Tomorrow's Business Today
The Smell of Sweet Musk
Elon Musk is buying Twitter, you may have heard.
Some of the reaction to this in the US has been curious.
Senator Elizabeth Warren thinks the deal is “dangerous for democracy”. Because he’s rich. And no rich person has ever been influential before.
The mainstream press has been almost comically opposed to it too.
The Washington Post in particular seems to have a problem with a billionaire owning a media business. (You don’t need me to tell you the paper is owned by Jeff Bezos.)
Before the deal went ahead, it offered Five reasons it will be hard for Elon Musk to buy Twitter.
He faced an “uphill battle”, he didn’t have enough money, and Twitter would block it.
Wrong, wrong, and wrong.
I was ambivalent about Musk until I read a book, rather than a newspaper.
Elon Musk: Tesla, SpaceX and the Quest for a Fantastic Future by Ashlee Vance is a terrific piece of work – properly journalistically sceptical but with plenty of access to Musk himself.
But it leads you to the conclusion that Musk is principled and sincere (among some other things).
He thinks his task is to save humanity. If you talk like that, people are going to look at you funny. But he means it; the money is a tool to the goal.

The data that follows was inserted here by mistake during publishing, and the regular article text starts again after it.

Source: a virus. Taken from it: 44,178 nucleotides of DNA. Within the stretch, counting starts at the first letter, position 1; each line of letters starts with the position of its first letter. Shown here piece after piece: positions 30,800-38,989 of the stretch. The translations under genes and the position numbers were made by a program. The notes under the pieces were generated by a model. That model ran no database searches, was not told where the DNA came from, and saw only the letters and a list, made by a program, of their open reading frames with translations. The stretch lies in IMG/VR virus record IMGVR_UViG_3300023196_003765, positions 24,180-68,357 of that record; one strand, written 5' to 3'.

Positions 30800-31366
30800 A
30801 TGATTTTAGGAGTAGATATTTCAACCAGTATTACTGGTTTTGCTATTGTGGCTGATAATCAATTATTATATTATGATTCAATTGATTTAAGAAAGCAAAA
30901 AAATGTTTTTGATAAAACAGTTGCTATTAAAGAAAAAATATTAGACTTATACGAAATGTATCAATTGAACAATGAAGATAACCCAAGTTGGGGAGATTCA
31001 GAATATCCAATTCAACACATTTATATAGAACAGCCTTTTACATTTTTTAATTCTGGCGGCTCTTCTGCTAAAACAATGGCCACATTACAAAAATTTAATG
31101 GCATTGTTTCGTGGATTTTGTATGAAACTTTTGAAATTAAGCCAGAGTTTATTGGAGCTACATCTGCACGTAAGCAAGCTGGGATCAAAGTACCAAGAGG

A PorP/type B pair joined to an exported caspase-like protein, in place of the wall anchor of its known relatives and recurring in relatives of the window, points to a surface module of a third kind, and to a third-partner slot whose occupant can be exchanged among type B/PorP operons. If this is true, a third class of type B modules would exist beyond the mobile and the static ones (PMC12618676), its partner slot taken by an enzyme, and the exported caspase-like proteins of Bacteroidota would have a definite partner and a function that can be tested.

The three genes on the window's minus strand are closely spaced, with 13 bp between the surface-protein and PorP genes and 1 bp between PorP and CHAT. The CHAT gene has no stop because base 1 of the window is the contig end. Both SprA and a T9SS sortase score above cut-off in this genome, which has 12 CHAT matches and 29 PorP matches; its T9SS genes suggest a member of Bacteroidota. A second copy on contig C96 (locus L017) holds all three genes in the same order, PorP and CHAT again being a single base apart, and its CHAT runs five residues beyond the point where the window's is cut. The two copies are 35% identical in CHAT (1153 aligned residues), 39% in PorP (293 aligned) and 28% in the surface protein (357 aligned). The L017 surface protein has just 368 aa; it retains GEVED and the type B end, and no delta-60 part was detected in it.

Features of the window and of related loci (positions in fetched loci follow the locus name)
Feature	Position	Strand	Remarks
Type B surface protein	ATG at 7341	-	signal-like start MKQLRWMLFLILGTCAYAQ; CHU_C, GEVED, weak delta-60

His attitude to PR people, when he even bothers to employ them is, at least, refreshing.
He goes through them like a machete through margarine, largely because they get cross with being ignored.
He sticks out his own press releases when he happens to have finished writing them and he doesn’t particularly care what anyone thinks in any case.
Since what anyone thinks so routinely turns out to be wrong, you can see why.
For our Find Out Now poll this week we asked people what they thought of Musk’s Twitter takeover and whether it was good or bad for free speech and democracy.
You can see the results below.
Press release of the day